What Do You Think of Hospital Food?

Gottlieb Tries Serving Better Food for Better Patient Outcomes

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By David Hammond

Last week, I posted about a miserable meal my aunt was served in a Florida hospital.

Last Friday, I was invited by Gottlieb Memorial Hospital to sample “At Your Request/Room Service Dining.” The idea is that this menu enables patients to choose whatever they want to eat from a broad menu and then eat it whenever they feel like it.

To help me get into character, Gottlieb sent a van to pick us up, had me ride in a wheelchair on the way to the room, and had me put on a gown and get into bed. I ordered from the regular patient menu.

This was a very revealing experience: as soon as I got in the wheelchair, I started to feel helpless.

Giving a patient control over their food choices is one way to give back to them a sense of control over their lives, which seems psychologically beneficial. Patients who feel good and are optimistic about life seem to have a better chance of regaining their health.

It’s not the case that patients can eat anything at all. Raymond Walker, Director of Food Services at GMH, told me that his staff reviews patient records and makes sure that meals are coordinated with the plan of care.

But, the big question: How was the food?

The food at GMH was much, much better than I sampled at my aunt’s hospital bed.

We tried some broccoli, and it was very fresh tasting with good tooth; it didn’t taste frozen or dead.  It tasted like a fresh vegetable.

Fish is hard to prepare in any large institution: it’s usually over-cooked, dry and tasteless. The cod we had at GMH was perfectly done, still very moist at the center and with good flavor. This was a very critical menu item, and I think it demonstrates the value of preparing menu items when they’re ordered and not way in advance of serving. At GMH, food is prepared minutes before it’s served.

My wife, Carolyn, makes a mean macaroni and cheese, and she liked the GMH version quite well. I found it just a touch gummy.

The soup was meh, flat and canned-tasting, but big deal. The “At Your Request/Room Service Dining” program is a positive step in the right direction. GMH is making an effort to serve better food, and that effort deserves applause.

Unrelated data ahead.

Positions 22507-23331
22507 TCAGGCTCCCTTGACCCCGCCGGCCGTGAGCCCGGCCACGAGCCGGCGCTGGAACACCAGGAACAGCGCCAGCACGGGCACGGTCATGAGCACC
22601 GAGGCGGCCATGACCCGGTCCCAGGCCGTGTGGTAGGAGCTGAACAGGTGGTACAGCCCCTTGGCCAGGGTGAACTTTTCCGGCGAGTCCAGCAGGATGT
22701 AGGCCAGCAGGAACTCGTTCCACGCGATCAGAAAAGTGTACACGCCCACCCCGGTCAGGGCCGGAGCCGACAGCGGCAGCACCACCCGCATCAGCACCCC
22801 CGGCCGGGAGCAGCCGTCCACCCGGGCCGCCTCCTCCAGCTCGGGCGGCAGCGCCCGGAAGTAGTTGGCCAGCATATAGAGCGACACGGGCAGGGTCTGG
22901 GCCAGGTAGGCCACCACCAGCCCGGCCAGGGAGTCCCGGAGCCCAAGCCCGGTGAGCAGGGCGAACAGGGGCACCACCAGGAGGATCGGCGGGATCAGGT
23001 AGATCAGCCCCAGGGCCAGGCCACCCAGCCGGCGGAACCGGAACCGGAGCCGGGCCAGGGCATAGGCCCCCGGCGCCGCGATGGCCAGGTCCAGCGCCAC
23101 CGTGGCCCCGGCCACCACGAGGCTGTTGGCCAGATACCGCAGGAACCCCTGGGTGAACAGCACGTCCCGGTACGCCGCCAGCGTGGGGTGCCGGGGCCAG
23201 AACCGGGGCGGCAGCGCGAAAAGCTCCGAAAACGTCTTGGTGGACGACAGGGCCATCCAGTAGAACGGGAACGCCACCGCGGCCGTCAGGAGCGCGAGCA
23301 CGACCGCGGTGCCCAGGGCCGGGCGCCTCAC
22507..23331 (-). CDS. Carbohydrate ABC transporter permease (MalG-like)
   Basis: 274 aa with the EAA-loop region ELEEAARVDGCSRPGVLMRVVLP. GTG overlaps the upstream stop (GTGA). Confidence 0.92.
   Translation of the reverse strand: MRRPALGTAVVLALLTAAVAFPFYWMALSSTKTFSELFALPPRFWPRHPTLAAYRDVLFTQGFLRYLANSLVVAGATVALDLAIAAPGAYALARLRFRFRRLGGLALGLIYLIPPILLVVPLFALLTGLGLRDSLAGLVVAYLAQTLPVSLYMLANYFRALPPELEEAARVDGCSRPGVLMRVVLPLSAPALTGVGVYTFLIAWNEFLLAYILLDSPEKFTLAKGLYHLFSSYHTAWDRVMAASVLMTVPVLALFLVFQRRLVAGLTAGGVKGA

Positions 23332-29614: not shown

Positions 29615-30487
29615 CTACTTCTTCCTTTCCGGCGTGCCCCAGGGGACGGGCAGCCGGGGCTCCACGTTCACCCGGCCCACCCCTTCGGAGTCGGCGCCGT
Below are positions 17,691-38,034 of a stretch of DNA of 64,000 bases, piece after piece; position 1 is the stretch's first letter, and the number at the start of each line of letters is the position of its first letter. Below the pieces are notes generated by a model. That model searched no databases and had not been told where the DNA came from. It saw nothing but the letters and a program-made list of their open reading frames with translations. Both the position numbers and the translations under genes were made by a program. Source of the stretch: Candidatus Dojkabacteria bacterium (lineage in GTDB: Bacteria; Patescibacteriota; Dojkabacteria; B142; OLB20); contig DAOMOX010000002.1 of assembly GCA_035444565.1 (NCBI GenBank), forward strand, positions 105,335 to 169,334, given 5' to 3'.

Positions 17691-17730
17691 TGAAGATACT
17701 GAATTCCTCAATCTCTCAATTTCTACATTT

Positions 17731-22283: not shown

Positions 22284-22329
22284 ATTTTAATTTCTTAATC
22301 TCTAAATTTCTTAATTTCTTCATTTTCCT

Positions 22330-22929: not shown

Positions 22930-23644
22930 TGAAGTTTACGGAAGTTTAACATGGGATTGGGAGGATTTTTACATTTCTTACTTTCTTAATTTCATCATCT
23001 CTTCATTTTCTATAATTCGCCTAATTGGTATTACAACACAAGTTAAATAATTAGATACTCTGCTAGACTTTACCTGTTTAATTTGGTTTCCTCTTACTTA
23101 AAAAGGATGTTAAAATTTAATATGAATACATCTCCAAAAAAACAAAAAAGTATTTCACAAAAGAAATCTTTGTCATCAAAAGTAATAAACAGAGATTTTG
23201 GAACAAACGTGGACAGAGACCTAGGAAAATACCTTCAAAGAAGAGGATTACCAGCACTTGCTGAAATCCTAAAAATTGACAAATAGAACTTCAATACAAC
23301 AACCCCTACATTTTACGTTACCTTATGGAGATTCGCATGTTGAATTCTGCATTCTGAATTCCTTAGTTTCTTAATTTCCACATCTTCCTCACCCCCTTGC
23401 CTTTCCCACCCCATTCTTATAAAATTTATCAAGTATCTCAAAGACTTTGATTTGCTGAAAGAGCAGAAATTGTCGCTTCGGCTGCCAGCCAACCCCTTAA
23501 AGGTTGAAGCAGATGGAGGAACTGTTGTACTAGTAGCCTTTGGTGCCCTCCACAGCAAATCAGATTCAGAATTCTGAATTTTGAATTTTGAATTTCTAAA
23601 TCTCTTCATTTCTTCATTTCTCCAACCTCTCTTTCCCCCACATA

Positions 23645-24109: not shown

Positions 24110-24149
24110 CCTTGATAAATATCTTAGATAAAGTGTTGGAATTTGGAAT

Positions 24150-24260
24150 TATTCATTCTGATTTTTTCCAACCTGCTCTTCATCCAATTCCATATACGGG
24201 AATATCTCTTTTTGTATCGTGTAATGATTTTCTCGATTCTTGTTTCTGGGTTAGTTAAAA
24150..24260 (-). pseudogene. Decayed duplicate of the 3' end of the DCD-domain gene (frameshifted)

Specially for me, the hospital kitchen improvised a dish from the menu that Walker said they would NEVER serve to regular patients. More next week.

Now, it’s my understanding that to avoid standard hospital food, people frequently smuggle special chow into the rooms of their hospitalized friends and family.

Have you ever brought food into the hospital for a sick person, and if you have done that, are you at all concerned that this might compromise the patient’s plan of care?

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David Hammond from @OakPark.com/Dining/Blogs  

Posted: February 17th, 2011 5:09 PM

Adele Davis' "Let's Eat Right to Keep Fit" made a big impression on me when I was a kid. Nancy,I recognize there are limits to what food can do to keep us out of the hospital, but I'm in full agreement with you that good food is good medicine (though it usually tastes better).

Nancy Trock T-Renegade Fitness from Oak Park  

Posted: February 17th, 2011 4:14 PM

Wasn't it Socrates who rightly said, "Let food be your medicine and medicine be your food"? High quality food can help the healing process. High quality food can also keep us out of the hospital.

David Hammond from OakPark.com/Dining/Blogs  

Posted: February 16th, 2011 11:22 PM

Quality of health care is paramount, of course, but given the choice between hospitals with equivalent capabilities, I'd travel a little further, make a little more effort, to get in the hospital that served food that would make me happy while I was in that hospital's care. Peter, if that puts me in a small group then I feel sorry for the large group.


Posted: February 16th, 2011 10:59 PM

When you're health is on the line the first thing you choose is a hospital with a reputation for health care. If I'm in need of a bypass I'm not choosing my Hospital because of the beefsteak on Wednesdays. I think you'll find yourself in a small group.